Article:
A Note on Disconnecting From Horror

Earlier this week I sat down to watch Pascal Laugier’s Martyrs, a monumentally tough movie which came high on the recommended list for this year’s foreign language releases. Now, I’ve long considered myself a horror fan—not for nothing do I include, for example, Tobe Hooper’s The Texas Chain Saw Massacre (1974, USA) in a personal list of my best films of all time—but am I an evangelical horror fan? To answer that one I think you need to have seen and possibly owned the notorious video nasties—titles like Cannibal Holocaust (Ruggero Deodato, 1980, Italy) and The Driller Killer (Abel Ferrara, 1979, USA)—and have a firm grounding in a range of national subcultural cinemas, of which a fine example is the thriving subgenre of Japanese mutant-horror-sci-fi; see Meatball Machine (Yamaguchi Yudai and Yamamoto Jun’ichi, 2005, Japan) and Tokyo Gore Police (Nishimura Yoshihiro, 2008, USA/Japan). The point being that, while I have seen one or two of these films, the evangelical fan does at least have a more connoisseur-like understanding of the field and knows the repertoire of formal and aesthetic innovations that gripped niche horror audiences worldwide since the seventies. The distinction is important because my response to Martyrs has everything to do with the fact that I haven’t seen many of the more notorious Video Nasties and am wholly, humbly, dependent on the works of, say, David Cronenberg or Clive Barker as my main reference points for body horror.

Martyrs pushes the metaphoric medium of representation for violence. It creates an artificial realm in which female characters are the victims of slasher-style violence, then withdraws into another world entirely—more private, less predictable, a realm in which violence seems irrational but is not

Martyrs is a provocative work that I intend to revisit at some point in the future, but for the purposes of this post I want to record the fact that I turned it off at a very specific point in the plot development and I haven’t since rejoined it. This isn’t because the film is poor (on the contrary I think it’s very thoughtfully produced with a clear and reachable goal in mind) but because it really isn’t easy. Really isn’t easy. Alongside Alexandre Aja’s Switchblade Romance, another French horror film which incidentally I think stands head and shoulders above the litany of US mainstream pap that Raw Nerve and Twisted Pictures are churning out and Lionsgate are distributing, Martyrs brutalises its characters and is simultaneously brutalising of us. The very point of the film, for me, and the reason I was drawn to it in the first place, is that it pushes the metaphoric medium of representation for violence. It creates an artificial realm, a threatening world in which its female characters appear to be the victims of slasher-style violence, then withdraws into another realm entirely—more private, less predictable, a realm in which violence seems irrational but is not.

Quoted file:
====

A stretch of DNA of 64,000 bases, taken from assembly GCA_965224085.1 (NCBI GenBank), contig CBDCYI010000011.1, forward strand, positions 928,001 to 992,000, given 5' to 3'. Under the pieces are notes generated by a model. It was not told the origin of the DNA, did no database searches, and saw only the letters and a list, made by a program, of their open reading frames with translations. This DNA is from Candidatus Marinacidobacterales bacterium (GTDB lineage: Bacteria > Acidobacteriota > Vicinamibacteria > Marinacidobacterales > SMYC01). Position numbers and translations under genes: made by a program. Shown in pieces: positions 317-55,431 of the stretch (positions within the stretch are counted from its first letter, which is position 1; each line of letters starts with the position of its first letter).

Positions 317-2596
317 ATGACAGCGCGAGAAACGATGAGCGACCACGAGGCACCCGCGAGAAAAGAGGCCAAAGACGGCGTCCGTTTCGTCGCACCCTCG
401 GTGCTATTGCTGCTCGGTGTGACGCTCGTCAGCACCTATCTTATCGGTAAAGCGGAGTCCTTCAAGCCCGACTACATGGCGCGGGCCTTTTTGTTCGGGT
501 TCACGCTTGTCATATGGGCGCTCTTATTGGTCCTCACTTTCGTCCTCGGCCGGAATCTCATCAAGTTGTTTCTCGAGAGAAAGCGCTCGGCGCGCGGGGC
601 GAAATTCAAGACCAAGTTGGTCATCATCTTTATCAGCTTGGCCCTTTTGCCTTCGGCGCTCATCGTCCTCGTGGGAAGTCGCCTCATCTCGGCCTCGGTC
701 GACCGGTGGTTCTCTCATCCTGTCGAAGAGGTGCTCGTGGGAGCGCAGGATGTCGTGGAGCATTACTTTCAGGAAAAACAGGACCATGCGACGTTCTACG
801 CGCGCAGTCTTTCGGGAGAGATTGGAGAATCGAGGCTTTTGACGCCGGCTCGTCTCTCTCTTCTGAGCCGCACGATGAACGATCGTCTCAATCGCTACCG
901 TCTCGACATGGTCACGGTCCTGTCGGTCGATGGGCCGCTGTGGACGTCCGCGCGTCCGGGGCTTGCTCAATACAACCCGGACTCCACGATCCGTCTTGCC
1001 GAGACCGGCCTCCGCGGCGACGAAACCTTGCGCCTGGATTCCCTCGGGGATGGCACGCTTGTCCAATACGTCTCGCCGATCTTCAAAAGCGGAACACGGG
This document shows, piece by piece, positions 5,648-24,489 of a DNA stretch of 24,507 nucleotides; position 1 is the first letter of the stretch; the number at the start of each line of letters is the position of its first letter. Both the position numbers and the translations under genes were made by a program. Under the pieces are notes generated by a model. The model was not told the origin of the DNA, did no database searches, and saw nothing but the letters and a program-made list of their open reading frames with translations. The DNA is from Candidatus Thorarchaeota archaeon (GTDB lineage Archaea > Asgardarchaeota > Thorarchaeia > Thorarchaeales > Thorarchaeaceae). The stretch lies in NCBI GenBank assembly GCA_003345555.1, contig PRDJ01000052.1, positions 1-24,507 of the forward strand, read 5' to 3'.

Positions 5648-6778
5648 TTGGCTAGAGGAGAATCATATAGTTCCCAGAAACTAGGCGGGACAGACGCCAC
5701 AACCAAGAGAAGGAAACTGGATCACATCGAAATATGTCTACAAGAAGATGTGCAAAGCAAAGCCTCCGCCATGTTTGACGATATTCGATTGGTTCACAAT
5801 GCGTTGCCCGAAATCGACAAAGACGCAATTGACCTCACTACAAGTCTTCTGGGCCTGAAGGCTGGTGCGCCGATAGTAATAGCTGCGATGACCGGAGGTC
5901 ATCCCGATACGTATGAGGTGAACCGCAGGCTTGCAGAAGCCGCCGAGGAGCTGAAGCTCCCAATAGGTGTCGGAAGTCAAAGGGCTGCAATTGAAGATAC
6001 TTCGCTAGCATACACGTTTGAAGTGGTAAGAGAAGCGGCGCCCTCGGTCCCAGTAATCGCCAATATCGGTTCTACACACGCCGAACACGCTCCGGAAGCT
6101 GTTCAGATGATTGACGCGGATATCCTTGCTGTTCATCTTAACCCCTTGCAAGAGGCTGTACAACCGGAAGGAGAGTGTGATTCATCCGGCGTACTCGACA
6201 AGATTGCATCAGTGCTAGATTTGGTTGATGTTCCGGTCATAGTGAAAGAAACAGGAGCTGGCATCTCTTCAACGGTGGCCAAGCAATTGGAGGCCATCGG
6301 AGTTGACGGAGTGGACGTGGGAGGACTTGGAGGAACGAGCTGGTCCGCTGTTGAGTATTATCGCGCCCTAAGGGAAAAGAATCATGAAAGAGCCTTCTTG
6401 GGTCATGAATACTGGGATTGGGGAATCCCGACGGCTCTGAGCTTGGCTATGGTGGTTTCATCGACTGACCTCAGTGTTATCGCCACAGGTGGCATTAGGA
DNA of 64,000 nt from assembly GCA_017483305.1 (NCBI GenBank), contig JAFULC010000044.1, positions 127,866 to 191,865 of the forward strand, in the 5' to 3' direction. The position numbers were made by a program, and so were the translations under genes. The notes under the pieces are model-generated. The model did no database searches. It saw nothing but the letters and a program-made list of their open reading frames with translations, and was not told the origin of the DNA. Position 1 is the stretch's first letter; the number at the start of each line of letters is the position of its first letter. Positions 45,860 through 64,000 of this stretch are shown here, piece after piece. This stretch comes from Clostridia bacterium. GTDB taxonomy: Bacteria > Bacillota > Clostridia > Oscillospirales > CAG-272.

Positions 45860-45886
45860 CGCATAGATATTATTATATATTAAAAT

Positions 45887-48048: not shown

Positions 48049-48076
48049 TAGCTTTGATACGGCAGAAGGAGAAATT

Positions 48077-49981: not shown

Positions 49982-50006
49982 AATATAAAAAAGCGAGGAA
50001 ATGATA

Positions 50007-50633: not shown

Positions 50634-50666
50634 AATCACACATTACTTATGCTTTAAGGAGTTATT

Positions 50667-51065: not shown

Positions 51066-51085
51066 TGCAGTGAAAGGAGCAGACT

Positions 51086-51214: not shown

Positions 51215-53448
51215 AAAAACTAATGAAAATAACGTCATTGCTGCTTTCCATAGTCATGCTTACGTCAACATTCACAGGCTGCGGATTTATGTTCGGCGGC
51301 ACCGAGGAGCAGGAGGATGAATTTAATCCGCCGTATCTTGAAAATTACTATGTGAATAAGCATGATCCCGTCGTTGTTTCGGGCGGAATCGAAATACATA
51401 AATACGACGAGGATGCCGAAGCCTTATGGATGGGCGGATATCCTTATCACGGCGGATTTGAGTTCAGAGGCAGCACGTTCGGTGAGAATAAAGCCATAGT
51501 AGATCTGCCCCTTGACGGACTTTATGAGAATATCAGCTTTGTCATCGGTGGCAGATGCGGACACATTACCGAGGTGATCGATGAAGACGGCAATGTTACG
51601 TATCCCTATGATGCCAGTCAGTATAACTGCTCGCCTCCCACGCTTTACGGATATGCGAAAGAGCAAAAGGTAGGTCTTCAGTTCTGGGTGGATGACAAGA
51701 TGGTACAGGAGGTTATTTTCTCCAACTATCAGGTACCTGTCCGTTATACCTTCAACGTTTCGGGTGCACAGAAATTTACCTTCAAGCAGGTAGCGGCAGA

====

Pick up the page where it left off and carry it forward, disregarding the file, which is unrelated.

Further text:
It is in this context that Martyrs paints a world as in desperate need of meaning. It’s entirely apt that a film which should have anything to do with the testimony of martys—that is to say with the traditional act of bearing witness to events either within or outside one’s personal knowledge—should place such a heavy emphasis on the metaphoric representation of violence, blurring the divide between objective reality and subjective vision. Here, the horror-violence means nothing and everything; to be a witness means nothing and everything.
I confess it was impossible to stomach on my first viewing, which is why I give way unreservedly to others on this one. The moment of disconnection for me came in a scene that involves rivets. No one was beaten or experiencing torture; the scene was quiet and tender, just a girl helping another girl, and yet I could not stand to be there with them. I needn’t say more—but it isn’t easy, and this is the first time in a film that I’ve said no, I need a break from this, I know where you’re going with it and I can see the throughline in the narrative but I must take a run at this another time. I’ve also suggested above that I sense and am assured that there is something profound and perhaps universally touching running parallel to the story, and I’m very interested to finally learn how and in what ways the filmmakers dramatise what I believe to be a transcendent/spiritual dimension against something so terrifyingly real. As a writer this idea that somehow a revelatory end is not only theoretically possible in horror cinema but is actually there in the film itself—in film form outside of dialogue and story and character motivations—interests me. For transcendence is an interesting cinematic problem: it “exists” outside our conception of thought, beyond consciousness; the transcendent moment cannot be explained or made to mean, nor can it be embraced or rejected. It is transcendental, a nothingness, hence it is beyond our meaning. So I am keen to learn what imagery is used in a grammatical sense to conjure the central protagonist, i.e., Anna’s, inner consciousness in the film’s final act. I sense it will be a profound moment in modern horror cinema, a sublime moment.

11 October, 2009


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